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    USA Today and ProPublica: Review: Federal program used to hide flights from public

    USA Today and ProPublica report on a little-known federal program and its privacy implications:

    A federal program designed to protect sensitive business deals and executives’ safety is being used by politicians, business executives, university athletic recruiters and others to avoid publicity by hiding their flights on private aircraft from the public, a ProPublica review has found.

    The aircraft owners don’t have to demonstrate any need need to keep flights secret. They simply request secrecy from the National Business Aviation Association, which lobbied for the program and runs it for the Federal Aviation Administration. The FAA removes flights from its database before giving the information to flight-tracking websites.

    This week, after a 15-month effort, ProPublica obtained the current list of 1,100 aircraft whose flights had been removed from the database. […]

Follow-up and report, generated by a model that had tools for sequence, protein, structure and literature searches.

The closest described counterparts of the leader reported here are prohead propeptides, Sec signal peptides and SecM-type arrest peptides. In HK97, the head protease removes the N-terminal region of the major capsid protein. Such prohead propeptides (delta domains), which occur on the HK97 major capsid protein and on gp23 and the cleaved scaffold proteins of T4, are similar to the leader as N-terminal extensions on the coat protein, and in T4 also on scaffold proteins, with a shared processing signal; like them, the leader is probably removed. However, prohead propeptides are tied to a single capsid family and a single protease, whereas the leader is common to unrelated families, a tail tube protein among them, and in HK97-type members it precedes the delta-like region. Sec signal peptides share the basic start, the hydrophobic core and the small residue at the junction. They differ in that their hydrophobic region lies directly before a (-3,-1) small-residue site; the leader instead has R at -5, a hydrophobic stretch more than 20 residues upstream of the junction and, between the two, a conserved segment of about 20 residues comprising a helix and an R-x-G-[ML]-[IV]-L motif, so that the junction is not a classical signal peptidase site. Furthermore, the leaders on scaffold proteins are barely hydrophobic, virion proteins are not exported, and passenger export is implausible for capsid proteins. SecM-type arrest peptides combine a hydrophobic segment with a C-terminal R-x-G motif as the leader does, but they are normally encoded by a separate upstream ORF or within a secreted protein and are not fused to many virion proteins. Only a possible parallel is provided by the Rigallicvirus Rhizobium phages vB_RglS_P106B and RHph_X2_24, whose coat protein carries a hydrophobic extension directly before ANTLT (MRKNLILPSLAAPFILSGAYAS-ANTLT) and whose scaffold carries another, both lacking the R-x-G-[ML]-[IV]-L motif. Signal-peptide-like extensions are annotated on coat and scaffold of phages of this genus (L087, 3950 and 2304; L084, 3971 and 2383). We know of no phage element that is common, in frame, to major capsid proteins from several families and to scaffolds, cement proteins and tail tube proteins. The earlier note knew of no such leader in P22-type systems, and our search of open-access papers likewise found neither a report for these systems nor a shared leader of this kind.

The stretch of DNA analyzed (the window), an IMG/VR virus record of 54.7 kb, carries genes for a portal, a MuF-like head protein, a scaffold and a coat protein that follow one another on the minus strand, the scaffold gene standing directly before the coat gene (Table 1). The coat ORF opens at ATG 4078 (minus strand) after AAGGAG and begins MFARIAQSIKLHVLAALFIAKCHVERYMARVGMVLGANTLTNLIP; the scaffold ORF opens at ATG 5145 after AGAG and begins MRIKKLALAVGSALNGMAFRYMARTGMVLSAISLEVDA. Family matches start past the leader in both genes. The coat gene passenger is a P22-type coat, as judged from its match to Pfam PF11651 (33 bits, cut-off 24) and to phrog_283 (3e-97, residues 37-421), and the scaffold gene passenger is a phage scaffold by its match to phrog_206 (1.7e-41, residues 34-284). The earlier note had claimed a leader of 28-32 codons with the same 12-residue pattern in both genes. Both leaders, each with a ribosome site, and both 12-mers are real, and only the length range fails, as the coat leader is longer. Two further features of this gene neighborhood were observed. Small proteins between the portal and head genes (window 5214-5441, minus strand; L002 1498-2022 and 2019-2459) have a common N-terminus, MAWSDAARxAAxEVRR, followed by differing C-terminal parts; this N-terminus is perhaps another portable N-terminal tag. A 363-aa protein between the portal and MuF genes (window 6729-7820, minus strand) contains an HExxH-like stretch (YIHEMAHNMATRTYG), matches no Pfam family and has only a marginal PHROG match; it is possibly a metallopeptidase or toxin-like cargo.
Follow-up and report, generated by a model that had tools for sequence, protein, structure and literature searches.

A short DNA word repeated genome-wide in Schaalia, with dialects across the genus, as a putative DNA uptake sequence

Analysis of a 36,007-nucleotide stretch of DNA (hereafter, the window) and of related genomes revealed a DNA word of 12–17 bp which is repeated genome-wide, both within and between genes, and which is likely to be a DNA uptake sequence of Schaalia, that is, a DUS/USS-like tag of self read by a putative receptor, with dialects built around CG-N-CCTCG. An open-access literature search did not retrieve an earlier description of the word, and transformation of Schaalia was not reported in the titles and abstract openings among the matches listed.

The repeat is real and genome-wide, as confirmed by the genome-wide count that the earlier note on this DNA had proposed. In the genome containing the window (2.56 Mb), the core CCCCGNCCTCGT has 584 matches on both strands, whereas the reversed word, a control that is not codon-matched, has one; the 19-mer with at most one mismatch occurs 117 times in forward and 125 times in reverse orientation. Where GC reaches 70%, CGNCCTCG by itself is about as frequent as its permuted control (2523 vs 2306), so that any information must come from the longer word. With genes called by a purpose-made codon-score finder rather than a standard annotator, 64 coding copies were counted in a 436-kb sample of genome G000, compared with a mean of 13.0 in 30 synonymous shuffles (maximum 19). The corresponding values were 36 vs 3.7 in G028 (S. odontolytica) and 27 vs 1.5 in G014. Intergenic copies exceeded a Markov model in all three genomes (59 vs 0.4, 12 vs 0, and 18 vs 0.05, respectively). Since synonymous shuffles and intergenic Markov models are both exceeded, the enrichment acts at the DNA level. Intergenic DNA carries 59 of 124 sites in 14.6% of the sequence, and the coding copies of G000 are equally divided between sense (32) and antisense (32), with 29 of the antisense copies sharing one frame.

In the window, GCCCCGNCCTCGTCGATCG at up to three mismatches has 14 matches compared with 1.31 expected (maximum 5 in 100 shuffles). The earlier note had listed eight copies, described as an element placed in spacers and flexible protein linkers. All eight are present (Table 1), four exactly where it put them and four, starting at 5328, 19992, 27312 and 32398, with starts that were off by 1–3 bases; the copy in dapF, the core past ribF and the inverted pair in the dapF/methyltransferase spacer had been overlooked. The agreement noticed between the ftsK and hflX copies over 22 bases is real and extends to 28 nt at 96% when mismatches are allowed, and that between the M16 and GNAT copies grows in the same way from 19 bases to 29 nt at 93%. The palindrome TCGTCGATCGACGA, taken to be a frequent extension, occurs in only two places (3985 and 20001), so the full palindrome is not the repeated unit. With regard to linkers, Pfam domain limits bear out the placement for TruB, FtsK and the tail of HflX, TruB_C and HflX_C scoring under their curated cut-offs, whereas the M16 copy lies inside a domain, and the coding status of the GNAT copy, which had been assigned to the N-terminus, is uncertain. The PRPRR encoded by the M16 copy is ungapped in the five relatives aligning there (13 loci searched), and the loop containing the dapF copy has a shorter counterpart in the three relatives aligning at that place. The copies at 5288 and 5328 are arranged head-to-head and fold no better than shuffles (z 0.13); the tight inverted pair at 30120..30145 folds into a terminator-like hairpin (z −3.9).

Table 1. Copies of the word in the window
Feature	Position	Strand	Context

Planes on the list range from those owned by Fortune 500 companies such as bailout recipient American International Group, to college athletic programs, such as the University of Alabama, which say they request flight privacy to hide coach searches and recruiting trips. Also granted secrecy were planes registered to federal agencies, churches and newspaper owners. […]

    NBAA spokesman Dan Hubbard said privacy is important to business fliers because competitors can learn of potential deals by tracking planes, and that could affect stock prices.

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